LONDON (Reuters) - Prime Minister David Cameron called on Wednesday for global action to tackle the threat of drug-resistant superbugs and said Britain planned to take a leading role in finding ways to spur the development of new antibiotics.
A world without effective antibiotics would push medicine back into the “dark ages”, he said, with routine surgery, treatments for cancer and organ transplants potentially becoming impossible.
Cameron announced an independent review led by former Goldman Sachs chief economist Jim O’Neill to pinpoint the problems and identify why so few new antibiotics are being developed.
O’Neill, who described the job as “a very exciting challenge”, will bring together experts from around the world, reflecting the global nature of the superbug threat.
Cameron said he had discussed the issue at a G7 summit of leaders in Brussels last month and won specific support for the initiative from U.S. President Barack Obama and German Chancellor Angela Merkel.
“If we fail to act, we are looking at an almost unthinkable scenario where antibiotics no longer work and we are cast back into the dark ages of medicine where treatable infections and injuries will kill once again,” he said in a statement.
“With some 25,000 people a year already dying from infections resistant to antibiotic drugs in Europe alone, this is not some distant threat but something happening right now.”
The O’Neill Commission will set out a plan for encouraging and accelerating antibiotic development, looking into ways to pay drugmakers for producing antibiotics even if they are rarely used. It is due to present its initial findings in 2015, with a final report a year later.
It is being hosted and funded by the Wellcome Trust charity in London, which is contributing 500,000 pounds to the project.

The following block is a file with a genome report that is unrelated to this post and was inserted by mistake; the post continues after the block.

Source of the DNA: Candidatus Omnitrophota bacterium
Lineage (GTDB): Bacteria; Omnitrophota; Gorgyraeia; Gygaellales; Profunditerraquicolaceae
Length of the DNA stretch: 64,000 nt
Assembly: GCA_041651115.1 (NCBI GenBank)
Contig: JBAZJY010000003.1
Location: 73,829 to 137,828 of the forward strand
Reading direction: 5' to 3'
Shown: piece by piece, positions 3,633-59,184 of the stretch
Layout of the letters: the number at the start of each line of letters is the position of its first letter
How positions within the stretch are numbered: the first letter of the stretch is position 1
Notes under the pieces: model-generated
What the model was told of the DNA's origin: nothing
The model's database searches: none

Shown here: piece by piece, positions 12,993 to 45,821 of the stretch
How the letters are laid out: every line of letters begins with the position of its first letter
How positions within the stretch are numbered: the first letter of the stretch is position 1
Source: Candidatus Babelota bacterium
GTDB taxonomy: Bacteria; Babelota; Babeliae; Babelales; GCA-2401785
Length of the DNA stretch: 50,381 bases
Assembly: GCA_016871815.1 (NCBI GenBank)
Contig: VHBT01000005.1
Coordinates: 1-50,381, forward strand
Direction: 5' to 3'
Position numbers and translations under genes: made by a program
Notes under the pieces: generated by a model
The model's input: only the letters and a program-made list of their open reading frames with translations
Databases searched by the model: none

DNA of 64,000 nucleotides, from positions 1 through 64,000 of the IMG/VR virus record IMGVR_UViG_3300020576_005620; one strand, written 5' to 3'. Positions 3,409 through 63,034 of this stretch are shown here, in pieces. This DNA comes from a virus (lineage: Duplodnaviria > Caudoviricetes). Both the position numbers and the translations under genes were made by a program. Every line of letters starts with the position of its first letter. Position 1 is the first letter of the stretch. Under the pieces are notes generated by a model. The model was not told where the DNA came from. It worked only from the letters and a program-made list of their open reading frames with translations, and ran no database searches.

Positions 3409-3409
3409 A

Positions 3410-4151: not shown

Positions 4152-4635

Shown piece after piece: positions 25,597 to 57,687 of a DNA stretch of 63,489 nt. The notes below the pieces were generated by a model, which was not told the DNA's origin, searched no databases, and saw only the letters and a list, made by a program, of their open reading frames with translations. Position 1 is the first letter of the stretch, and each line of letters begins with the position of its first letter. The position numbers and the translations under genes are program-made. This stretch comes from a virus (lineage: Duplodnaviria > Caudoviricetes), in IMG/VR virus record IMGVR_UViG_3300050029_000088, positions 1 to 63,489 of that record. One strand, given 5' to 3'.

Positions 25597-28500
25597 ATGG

The initiative is the latest example of Cameron giving Britain a leadership role in global health - a strategy that dovetails with his government’s desire to make the country a hub for medical and life science research. Last December, Cameron held a global summit in London on dementia.
Drug resistance is driven by the misuse and overuse of antibiotics, which encourages bacteria to develop new ways of overcoming them.
Resistance has been a feature of medicine since Alexander Fleming’s discovery of the first antibiotic, penicillin, in Britain in 1928. But the problem has become worse in recent years as multi-drug-resistant bugs have developed and drug companies have reduced investment in an unprofitable field.
Unlike big sellers such as statins for lowering cholesterol, antibiotics are used for only short periods and doctors also tend to keep the newest and most potent ones in reserve.
Prices for antibiotics are also low, reflecting the availability of many cheap generic versions, in contrast to treatments for other diseases such as cancer.
Recent years have seen the emergence of strains of infections, including tuberculosis, malaria, pneumonia and gonorrhoea, that resist all known drugs.
Only a handful of new antibiotics have been developed and brought to market in the past few decades, and it is a race against time to find more as bacterial infections increasingly evolve into superbugs resistant to even the most powerful last-resort medicines reserved for extreme cases.
One of the best known superbugs, MRSA, is alone responsible for tens of thousands of deaths in the United States and Europe, as well as untold numbers in poorer countries.
Cameron’s decision to set up the O’Neill Commission follows a call by scientists in May for a independent body on antimicrobial resistance, modelled on the Intergovernmental Panel on Climate Change.
The commission was welcomed by Margaret Chan, director general of the World Health Organisation, which is developing a parallel global action plan on antimicrobial resistance.
In one promising sign, Swiss drugmaker Roche recently said it was returning to the antibiotic field - but its move runs counter to a gradual drift to the exit by Big Pharma over the past decade.
Only a handful of pharmaceutical firms with large antibiotic R&D programmes remain, compared with nearly 20 in 1990, according to the Infectious Diseases Society of America.
One of those still in the game is GlaxoSmithKline, which said new economic models were needed to encourage investment.
Editing by Mark Potter and Sonya Hepinstall